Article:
Give Judge Merrick B. Garland a Hearing and a Vote
Advocacy Letter - 04/27/16
Source: The Leadership Conference on Civil and Human Rights
Recipient: U.S. Senate
On behalf of The Leadership Conference on Civil and Human Rights, a coalition of more than 200 national advocacy organizations, we urge you to support regular order – a hearing and an up-or-down vote – on the nomination of Judge Merrick B. Garland to be Associate Justice of the United States Supreme Court. In every step of his career, Judge Garland has distinguished himself through his outstanding intellectual credentials, his independence of thought, and his strong respect for the rule of law, establishing himself beyond question as qualified and ready to serve on the Court. The Senate should fulfill its constitutional responsibility to provide “advice and consent” on his nomination, instead of allowing this eminently reasonable selection to become obstructed by election-year partisan gamesmanship.
As evidenced by his academic background and remarkable legal career, Judge Garland will be an impartial, thoughtful, and highly-respected addition to the Supreme Court. After graduating with distinction from Harvard College and Harvard Law School, Judge Garland served as a law clerk for two giants of the 20th century judiciary, Judge Henry J. Friendly of the Second Circuit and Justice William J. Brennan, Jr. of the Supreme Court. Since that time, he has excelled in both private practice and public service – including as a partner at the firm of Arnold & Porter, and in several roles at the U.S. Department of Justice, where he played a key supervisory role in high-profile cases such as the Oklahoma City bombing, the “Unabomber” case, and the 1996 Atlanta Olympics bombing. In 1997, he was confirmed on a solid 76-23 vote to serve as a judge on the U.S. Court of Appeals for the D.C. Circuit, and he became Chief Judge of that court in 2013.
Given his stellar record and his reputation for fairness, Judge Garland has garnered broad support across partisan and ideological lines, earning strong and widespread praise from colleagues in the judiciary, academia, and legal profession who know him best. Former Oklahoma Governor Frank Keating spoke in glowing terms about Judge Garland’s work in the Oklahoma City bombing case. Chief Justice John Roberts, a former colleague of Judge Garland on the D.C. Circuit, noted during his confirmation hearing that the judicial process was “well-served” by Judge Garland’s “reasonable” arguments even when the two disagreed on the outcome of a case. The praise from stakeholders and commentators was especially pronounced in 2010, when his name was being floated as a possible replacement for former Justice John Paul Stevens. For example, Sen. Orrin Hatch praised him as a “consensus nominee.” Ed Whelan of the Ethics and Public Policy Center (and a former clerk to the late Justice Scalia) said at the time that Judge Garland had “earned the respect of a range of folks, including conservatives, and I think he is the most likely to exercise judicial restraint.” Curt Levey of the conservative Committee for Justice predicted “if not a love fest, something close to it,” if Judge Garland had been nominated.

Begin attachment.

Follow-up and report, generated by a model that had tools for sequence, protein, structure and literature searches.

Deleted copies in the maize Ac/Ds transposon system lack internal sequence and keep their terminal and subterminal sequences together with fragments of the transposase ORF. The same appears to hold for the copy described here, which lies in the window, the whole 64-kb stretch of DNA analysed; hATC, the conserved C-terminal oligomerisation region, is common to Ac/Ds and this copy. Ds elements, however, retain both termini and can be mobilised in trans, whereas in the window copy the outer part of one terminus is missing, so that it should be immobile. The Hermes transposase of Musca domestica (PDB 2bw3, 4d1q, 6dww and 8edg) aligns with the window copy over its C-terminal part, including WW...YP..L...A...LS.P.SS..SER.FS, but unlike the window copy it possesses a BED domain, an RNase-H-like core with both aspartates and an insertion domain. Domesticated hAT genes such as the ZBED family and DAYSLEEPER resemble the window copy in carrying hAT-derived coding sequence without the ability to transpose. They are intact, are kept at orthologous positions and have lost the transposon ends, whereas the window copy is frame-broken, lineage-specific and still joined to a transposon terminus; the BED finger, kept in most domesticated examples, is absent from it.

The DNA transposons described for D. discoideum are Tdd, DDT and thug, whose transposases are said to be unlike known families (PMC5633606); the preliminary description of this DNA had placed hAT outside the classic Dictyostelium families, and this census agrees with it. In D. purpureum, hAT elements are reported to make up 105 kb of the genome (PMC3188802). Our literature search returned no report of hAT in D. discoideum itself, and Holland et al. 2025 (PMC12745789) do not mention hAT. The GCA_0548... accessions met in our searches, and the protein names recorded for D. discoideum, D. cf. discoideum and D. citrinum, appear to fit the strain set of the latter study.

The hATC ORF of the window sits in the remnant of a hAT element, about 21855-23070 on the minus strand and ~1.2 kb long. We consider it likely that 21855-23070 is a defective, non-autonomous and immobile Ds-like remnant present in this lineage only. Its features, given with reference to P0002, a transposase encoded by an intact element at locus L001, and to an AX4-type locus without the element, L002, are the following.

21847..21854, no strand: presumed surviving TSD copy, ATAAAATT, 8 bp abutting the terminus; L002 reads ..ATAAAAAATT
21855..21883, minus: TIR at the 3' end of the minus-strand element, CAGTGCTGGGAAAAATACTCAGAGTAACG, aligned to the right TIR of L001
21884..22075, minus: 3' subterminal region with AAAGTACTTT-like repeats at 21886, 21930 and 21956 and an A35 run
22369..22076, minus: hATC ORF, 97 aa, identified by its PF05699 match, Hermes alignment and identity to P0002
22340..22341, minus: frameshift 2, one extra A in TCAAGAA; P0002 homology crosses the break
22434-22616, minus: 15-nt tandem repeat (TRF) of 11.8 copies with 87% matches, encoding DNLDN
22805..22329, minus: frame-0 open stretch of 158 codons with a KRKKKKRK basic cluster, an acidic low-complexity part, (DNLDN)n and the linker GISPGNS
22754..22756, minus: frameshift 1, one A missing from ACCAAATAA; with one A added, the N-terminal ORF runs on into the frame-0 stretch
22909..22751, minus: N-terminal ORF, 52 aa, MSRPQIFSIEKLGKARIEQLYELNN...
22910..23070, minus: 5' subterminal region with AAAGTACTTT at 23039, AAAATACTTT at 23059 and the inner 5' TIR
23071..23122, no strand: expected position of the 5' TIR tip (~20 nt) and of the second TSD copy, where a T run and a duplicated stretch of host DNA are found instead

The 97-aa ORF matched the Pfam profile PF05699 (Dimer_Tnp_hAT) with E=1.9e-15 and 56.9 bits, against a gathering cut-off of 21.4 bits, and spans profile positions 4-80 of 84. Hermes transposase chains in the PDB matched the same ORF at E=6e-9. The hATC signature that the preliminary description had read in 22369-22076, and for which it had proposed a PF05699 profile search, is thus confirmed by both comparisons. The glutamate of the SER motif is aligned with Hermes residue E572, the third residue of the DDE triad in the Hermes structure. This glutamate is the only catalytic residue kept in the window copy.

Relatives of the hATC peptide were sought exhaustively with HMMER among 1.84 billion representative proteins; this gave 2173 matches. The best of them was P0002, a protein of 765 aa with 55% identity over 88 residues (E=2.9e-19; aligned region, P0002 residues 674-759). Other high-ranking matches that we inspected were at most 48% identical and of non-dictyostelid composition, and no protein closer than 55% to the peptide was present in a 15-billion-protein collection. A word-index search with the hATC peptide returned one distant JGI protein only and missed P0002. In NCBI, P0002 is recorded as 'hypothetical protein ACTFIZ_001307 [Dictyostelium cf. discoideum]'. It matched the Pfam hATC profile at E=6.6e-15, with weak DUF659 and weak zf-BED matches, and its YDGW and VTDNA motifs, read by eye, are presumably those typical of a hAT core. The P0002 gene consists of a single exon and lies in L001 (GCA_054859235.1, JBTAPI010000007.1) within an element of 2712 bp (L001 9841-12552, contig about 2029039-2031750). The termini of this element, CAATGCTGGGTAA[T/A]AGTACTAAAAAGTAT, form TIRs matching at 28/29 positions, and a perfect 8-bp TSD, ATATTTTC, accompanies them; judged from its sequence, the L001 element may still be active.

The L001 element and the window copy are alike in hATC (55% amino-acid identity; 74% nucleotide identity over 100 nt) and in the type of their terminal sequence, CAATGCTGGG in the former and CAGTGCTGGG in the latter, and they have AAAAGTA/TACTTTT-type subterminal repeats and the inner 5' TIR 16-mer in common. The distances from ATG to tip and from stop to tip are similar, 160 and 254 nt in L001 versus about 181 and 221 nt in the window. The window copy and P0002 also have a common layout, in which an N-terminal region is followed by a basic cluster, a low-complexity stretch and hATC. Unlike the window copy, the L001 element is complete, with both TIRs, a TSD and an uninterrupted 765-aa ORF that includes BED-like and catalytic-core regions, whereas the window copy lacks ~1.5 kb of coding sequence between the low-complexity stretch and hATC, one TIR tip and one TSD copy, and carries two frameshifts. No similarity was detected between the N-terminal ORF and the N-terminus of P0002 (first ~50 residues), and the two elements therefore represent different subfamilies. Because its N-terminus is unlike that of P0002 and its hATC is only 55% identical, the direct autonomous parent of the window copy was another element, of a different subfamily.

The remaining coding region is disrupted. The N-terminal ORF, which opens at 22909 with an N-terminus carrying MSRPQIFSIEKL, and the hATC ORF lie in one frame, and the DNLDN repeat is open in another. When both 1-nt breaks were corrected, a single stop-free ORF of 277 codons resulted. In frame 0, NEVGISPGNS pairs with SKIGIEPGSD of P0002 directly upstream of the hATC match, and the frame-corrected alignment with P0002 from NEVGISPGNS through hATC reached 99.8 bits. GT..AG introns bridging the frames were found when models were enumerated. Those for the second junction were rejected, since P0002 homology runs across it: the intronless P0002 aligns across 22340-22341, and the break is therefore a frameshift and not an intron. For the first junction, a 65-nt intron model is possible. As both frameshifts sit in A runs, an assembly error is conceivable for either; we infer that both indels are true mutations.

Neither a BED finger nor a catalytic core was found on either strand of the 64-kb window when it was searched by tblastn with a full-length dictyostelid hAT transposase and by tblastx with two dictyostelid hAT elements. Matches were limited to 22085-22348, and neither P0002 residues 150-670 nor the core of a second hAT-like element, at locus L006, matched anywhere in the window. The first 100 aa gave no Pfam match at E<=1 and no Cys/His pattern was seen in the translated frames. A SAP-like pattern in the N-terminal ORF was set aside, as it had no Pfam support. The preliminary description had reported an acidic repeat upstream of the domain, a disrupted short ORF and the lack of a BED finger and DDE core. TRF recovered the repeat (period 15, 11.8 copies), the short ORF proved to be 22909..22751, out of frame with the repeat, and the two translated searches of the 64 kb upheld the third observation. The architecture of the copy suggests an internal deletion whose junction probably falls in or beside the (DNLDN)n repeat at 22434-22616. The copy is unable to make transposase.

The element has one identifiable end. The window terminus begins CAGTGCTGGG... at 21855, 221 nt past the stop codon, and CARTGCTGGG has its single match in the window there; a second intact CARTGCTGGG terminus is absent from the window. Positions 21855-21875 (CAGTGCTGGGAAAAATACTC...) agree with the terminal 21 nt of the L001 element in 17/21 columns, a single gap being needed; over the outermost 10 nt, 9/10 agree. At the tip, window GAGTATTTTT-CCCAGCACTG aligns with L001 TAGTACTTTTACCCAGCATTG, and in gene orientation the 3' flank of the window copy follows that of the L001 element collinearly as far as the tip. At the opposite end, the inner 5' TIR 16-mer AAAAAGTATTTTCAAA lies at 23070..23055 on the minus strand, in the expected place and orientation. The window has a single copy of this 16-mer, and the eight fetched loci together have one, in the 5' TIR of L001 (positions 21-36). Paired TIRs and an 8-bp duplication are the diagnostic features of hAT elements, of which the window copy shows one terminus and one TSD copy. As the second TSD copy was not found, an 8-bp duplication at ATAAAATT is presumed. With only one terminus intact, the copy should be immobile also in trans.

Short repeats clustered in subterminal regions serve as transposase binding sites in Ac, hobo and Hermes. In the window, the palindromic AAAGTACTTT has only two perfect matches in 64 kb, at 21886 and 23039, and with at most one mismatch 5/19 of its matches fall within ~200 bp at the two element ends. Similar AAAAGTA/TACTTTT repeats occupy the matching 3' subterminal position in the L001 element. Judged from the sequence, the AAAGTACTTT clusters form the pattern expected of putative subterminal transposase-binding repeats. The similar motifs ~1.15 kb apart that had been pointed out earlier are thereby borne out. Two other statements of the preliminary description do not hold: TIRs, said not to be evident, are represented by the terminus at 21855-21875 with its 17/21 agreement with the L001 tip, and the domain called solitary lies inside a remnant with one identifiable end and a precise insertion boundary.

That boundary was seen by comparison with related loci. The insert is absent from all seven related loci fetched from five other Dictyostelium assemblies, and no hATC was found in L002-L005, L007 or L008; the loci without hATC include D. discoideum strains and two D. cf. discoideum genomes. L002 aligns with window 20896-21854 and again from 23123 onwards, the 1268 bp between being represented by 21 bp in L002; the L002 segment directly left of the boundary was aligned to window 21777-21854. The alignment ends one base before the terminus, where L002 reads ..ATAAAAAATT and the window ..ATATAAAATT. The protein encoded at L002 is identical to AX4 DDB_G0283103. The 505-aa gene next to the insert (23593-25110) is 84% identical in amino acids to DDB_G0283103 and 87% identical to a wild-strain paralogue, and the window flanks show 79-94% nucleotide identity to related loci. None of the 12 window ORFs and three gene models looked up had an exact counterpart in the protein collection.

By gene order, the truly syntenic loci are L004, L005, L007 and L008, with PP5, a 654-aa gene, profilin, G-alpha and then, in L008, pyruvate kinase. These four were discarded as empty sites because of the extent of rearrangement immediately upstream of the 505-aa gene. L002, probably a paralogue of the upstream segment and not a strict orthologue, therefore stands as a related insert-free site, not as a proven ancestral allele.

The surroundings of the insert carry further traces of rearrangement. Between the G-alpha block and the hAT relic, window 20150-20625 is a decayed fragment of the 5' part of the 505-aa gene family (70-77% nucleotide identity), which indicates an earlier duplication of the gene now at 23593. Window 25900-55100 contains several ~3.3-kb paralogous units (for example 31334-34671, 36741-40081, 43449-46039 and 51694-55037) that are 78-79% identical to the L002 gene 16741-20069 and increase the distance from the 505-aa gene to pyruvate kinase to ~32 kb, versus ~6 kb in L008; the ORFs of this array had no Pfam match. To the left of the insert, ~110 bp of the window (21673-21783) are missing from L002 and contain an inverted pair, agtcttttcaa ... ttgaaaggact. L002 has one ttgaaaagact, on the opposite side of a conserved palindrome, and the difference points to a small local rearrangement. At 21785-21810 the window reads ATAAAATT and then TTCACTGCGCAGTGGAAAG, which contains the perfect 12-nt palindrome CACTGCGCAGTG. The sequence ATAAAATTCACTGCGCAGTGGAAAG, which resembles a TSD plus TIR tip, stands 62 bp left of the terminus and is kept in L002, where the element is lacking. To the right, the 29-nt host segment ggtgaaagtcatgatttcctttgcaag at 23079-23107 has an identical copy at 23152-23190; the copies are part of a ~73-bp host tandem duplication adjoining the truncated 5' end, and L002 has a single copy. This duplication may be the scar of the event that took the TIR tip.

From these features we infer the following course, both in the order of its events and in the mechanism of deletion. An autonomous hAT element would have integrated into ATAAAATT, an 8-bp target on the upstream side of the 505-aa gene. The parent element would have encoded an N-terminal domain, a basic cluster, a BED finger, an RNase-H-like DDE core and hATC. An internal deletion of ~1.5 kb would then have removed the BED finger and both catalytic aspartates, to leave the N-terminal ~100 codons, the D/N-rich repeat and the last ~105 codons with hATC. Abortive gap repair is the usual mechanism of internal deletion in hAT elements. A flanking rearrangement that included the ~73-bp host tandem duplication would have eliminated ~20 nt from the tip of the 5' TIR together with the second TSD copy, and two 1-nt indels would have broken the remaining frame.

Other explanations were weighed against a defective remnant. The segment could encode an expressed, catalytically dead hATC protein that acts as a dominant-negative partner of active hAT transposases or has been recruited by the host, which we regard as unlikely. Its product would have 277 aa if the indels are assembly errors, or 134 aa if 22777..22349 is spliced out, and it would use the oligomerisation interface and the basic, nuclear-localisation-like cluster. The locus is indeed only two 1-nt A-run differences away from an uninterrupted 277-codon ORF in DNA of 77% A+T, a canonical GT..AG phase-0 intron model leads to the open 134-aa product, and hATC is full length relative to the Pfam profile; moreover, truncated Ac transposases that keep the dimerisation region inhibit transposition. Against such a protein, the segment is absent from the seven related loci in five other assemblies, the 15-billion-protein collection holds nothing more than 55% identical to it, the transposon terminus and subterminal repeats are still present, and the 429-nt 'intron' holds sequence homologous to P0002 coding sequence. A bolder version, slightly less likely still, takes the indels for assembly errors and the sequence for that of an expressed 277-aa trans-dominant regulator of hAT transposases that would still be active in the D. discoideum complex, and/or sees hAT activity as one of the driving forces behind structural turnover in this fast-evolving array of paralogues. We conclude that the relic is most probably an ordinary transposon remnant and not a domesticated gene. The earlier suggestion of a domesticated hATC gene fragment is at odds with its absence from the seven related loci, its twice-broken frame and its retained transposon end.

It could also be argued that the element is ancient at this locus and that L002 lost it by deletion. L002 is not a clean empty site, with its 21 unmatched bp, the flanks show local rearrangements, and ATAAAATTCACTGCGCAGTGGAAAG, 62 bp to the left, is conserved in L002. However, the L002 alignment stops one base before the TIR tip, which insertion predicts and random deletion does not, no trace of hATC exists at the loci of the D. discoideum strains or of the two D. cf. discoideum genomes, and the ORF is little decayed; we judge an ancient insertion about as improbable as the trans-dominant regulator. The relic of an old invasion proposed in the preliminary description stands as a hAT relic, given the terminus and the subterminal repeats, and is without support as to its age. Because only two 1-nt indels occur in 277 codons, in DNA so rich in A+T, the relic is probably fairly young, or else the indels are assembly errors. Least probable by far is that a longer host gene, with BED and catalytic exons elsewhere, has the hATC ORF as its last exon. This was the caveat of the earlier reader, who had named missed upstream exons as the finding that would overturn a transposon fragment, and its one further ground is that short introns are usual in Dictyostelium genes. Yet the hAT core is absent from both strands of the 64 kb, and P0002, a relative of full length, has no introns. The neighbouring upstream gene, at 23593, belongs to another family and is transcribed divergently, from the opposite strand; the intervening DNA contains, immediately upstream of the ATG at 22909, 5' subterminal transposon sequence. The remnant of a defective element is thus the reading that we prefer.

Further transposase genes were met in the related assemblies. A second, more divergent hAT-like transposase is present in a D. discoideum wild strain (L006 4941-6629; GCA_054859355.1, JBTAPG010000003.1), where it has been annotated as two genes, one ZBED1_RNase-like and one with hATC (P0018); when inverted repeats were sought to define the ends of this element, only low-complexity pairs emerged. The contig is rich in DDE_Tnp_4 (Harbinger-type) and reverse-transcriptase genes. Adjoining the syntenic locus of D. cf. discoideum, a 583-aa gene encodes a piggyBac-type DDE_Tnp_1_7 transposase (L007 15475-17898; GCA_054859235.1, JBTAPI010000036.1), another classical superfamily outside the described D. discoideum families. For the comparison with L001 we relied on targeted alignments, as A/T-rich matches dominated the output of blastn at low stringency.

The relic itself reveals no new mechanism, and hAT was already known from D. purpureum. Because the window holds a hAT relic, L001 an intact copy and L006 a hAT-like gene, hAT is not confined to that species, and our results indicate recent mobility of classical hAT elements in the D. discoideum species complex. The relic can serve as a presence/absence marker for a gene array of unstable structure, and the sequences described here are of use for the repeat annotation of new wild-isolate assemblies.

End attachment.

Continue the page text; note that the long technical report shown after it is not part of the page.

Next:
Since his nomination in March, the support has been just as strong and widespread. Fifteen former presidents of the American Bar Association called him “one of the most outstanding judges in the country,” and urged the Senate to move forward with the confirmation process. Judge Brett Kavanaugh, his colleague on the D.C. Circuit, called him a “role model” in his current position and “supremely qualified” for elevation to the Supreme Court. CNN senior legal analyst Jeffrey Toobin perhaps summed it up best: “the one thing that you can say about this nomination is that it really does take the issue of qualifications off the table. There is certainly no one in the United States more qualified to be on the Supreme Court than Merrick Garland.”
We urge Senators not to be swayed by ideological extremists who have been urging this body to stall Judge Garland’s confirmation through disingenuous and constitutionally unsound arguments about the handling of election-year vacancies – and, in some cases, through baseless attacks on Judge Garland himself. Countless legal experts have pointed out that there is simply no historical precedent for blocking a Supreme Court nominee in a presidential election year, and they have warned that leaving a vacancy in place until well into 2017 would hamstring not just the work of the Supreme Court but our national legal system as a whole. As far as Judge Garland’s alleged views about the Second Amendment or judicial deference to agency decisions, two issues that some have attempted to raise in an effort to smear him, it is disingenuous for stakeholders to cite substantive concerns and then to oppose any hearing in which those substantive concerns might be addressed.
To any honest observer, it is abundantly clear that Judge Garland is a highly thoughtful and well-respected jurist with a rich diversity of experience, who will play an important role in healing a fractured Court and in protecting the rights of all Americans. In any other year, his nomination would not even be remotely controversial, and the public interest in a fully-functioning Supreme Court demands that it not be controversial this year either. We strongly urge the Senate to promptly move forward with a hearing and a confirmation vote.
Thank you for your consideration of our views. If you have any questions, please feel free to contact Senior Counsel Rob Randhava at (202) 466-6058.
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